Case Study – Won’t PlayIn 1970, an American lawyer had a chance to interview President Nasser of Egypt on theArab-Israeli conflict. He asked Nasser, “What is it you want Golda Meir to do?’Nasser replied, “Withdraw!”“Withdraw?” the lawyer asked.“Withdraw from every inch of Arab territory!”“Without a deal? With nothing from you?” the American asked incredulously.“Nothing. It’s our territory. She should promise to withdraw,“ Nasser replied.Then, the American asked, “What would happen to Golda Meir if she addressed theIsraeli people and said, “On behalf of the people of Israel, I hereby promise to withdrawfrom every inch of territory occupied in ’67. Plus, I have no commitment of any kind fromthe Arabs.”Nasser burst out laughing, “Oh, would she have trouble at home.”Understanding the unrealistic option Egypt had been offering Israel may have contributedto Nasser’s stated willingness later that day to accept a cease fire.
Let’s look at some frequently FAQsasked questions aboutPrincipled Negotiation. Does positional bargaining ever make sense? The short answer is yes, as long as one of several conditions applies: You don’t plan on having an ongoing relationship with the other side, you don’t want to spend the time arguing a point on its merits, and it can be a quick way to finalize a deal after you’ve used Principled Negotiation to identify each other’s interests, invented options for mutual gain and discussed relevant standards of fairness. What if the customer believes in a different standard of fairness? Agreement on the “best” standard is not necessary. You and your customer may have two different standards in mind based on individual values, culture, experience, and perception. That’s why it is best to use a standard that comes outside of the negotiation. People can argue on why a car should cost more money or less money. They often use to a separate standard like Kelly’s Blue Book as a fair and impartial standard. Should I be fair if I don’t have to be? Principled Negotiation is not a treatise on morality or fairness. It exists because many people like to end a negotiation knowing they got the “right” amount. If you find that you have an ability to consistently get more than you deserve, then it is up to you to decide on the moral and other potential complications that can arise from negotiating an unfair agreement. What do I do if the people are the problem? People problems often require more attention than substantive ones. Build a working relationship that is independent of substantive agreement or disagreement. Negotiate the relationship on its merits. Raise your concerns with your customer’s behavior. Resist the temptation to treat them the same way they treat you. FAQs (cont) Should I negotiate even with terrorists or people like Hitler? When does it make sense not to negotiate? However unsavory your customer, unless you have a better BATNA, the question you face is not whether to negotiate but how to negotiate. Negotiation does not mean giving in. How should I adjust my negotiating approach to account for differences of personality, gender culture, and so on? Get in step with cultural differences, but avoid stereotyping. In developing a relationship, get to know the person. Things like pacing, level of formality, even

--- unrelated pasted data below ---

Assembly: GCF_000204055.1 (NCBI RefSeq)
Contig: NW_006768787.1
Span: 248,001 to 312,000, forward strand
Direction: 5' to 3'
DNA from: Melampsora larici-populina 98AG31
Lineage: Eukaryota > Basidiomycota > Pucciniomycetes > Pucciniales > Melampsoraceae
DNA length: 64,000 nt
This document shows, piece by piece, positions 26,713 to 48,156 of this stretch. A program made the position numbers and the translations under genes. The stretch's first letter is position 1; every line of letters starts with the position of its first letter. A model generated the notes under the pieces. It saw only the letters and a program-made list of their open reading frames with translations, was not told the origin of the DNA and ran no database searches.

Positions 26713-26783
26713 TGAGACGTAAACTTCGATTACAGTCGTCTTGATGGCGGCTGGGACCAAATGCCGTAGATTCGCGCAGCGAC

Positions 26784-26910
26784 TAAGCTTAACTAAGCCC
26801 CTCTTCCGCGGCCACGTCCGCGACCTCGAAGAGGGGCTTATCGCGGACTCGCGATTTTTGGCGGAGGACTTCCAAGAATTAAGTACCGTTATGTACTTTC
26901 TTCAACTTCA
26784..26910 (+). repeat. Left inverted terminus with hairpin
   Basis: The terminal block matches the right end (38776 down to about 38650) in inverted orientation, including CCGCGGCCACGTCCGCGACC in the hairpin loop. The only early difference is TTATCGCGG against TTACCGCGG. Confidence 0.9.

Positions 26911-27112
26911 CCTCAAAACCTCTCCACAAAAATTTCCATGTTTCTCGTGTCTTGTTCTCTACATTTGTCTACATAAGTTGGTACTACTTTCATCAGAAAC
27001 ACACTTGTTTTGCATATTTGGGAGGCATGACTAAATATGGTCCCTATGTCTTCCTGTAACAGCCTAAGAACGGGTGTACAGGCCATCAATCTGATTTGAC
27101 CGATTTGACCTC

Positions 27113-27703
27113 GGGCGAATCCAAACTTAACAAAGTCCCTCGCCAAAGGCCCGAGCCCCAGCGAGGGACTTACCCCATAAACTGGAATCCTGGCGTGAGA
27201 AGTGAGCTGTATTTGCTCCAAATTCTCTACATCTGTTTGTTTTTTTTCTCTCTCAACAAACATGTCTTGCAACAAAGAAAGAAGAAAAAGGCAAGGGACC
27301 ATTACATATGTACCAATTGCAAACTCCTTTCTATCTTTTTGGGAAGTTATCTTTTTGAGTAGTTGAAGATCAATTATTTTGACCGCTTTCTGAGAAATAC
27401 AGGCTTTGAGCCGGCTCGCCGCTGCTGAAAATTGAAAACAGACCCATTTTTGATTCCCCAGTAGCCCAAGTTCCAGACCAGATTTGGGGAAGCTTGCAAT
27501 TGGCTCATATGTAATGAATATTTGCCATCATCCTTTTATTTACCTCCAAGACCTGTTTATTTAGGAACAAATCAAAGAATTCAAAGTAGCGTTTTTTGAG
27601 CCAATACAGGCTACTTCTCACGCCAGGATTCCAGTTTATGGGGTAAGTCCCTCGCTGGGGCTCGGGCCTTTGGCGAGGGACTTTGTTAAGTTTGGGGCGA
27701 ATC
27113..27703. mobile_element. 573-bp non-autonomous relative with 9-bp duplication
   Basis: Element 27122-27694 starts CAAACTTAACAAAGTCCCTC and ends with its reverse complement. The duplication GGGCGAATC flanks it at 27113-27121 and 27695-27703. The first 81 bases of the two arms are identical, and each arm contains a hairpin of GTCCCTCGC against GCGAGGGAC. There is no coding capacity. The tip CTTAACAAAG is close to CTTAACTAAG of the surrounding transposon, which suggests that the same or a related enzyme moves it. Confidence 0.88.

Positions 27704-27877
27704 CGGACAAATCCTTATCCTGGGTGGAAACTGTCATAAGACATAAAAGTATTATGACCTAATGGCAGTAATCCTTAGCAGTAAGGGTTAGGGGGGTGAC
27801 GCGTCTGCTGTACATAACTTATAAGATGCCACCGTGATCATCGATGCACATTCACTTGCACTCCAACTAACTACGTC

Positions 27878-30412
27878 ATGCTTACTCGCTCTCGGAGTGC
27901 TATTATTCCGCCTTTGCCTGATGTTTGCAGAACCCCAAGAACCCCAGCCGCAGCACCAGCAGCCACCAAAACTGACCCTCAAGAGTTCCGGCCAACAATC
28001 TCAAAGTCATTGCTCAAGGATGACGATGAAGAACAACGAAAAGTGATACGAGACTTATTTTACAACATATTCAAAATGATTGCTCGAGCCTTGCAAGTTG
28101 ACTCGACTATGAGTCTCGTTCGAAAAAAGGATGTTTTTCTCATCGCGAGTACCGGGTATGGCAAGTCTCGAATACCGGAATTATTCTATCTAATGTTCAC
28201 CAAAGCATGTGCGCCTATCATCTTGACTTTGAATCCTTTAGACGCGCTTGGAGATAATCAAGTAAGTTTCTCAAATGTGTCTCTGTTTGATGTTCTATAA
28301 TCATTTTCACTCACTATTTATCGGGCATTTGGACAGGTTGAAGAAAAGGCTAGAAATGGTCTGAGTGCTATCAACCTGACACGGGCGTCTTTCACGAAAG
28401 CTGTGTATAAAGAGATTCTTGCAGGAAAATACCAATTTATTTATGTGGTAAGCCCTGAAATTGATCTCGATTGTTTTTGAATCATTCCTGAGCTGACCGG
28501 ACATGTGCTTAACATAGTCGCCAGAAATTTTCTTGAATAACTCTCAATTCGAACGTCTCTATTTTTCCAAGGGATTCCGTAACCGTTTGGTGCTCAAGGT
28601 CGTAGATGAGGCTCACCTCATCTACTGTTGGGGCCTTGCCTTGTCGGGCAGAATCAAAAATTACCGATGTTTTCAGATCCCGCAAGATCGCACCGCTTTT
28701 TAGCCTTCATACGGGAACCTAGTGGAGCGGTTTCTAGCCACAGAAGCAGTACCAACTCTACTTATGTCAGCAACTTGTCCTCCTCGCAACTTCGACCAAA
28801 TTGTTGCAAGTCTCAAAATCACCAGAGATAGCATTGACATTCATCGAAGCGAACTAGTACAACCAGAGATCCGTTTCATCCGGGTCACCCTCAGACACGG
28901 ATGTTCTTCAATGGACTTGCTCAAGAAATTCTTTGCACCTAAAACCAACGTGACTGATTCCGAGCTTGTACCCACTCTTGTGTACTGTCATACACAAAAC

physical proximity are concerns that you need to be aware of when negotiating.How should I decide things like “Where should we meet?,” “Who shouldmake the first offer,?” “How high should I start?”Questions like “Where should we meet?” are answered with other questionssuch as, “What are we worried about? Are we worried that we’ll be interrupted?”Then, meet in a neutral site. “Are we worried we won’t be able to leave?” Then,don’t meet in your office. Questions like “Who should make the first offer” or“How high should I start” depend on your preparation. If you are well prepared,an offer or solution should evolve.Concretely, how do I move from inventing options to makingcommitments?Steps to moving toward concrete closure include:• Envision outcomes from the start.• Consider crafting a framework agreement. That way you can begin committing what would look like an outline before narrowing down specifics.• Move toward commitment gradually.• Be persistent in pursuing your interests, but not rigid in pursuing any particular solution.
FAQs (cont)How do I try out these ideas without taking too much risk?Perhaps you are worried that you will not be able to execute this approach wellenough to make it work better than your current approach. The best advice is tostart small. Practice with a simple negotiation where your BATNA is strong,where relevant favorable standards are available and where your customer islikely to be amenable. Prepare extensively and review your performance bykeeping a diary so you can have a record of what you did well or what mightneed adjustment.Can the way I negotiate really make a difference if my customer is morepowerful? How do I enhance my negotiating power?How you prepare and how you negotiate can make an enormous differencewhatever the situation. However, there are some things you can’t get. Even themost skilled negotiator can’t make a deal to buy the White House. You shouldnot expect success in negotiation unless you are able to make your customer anoffer that is more attractive than their BATNA. If you can’t, negotiation seemspointless. Concentrate instead on improving your BATNA and changing theirs.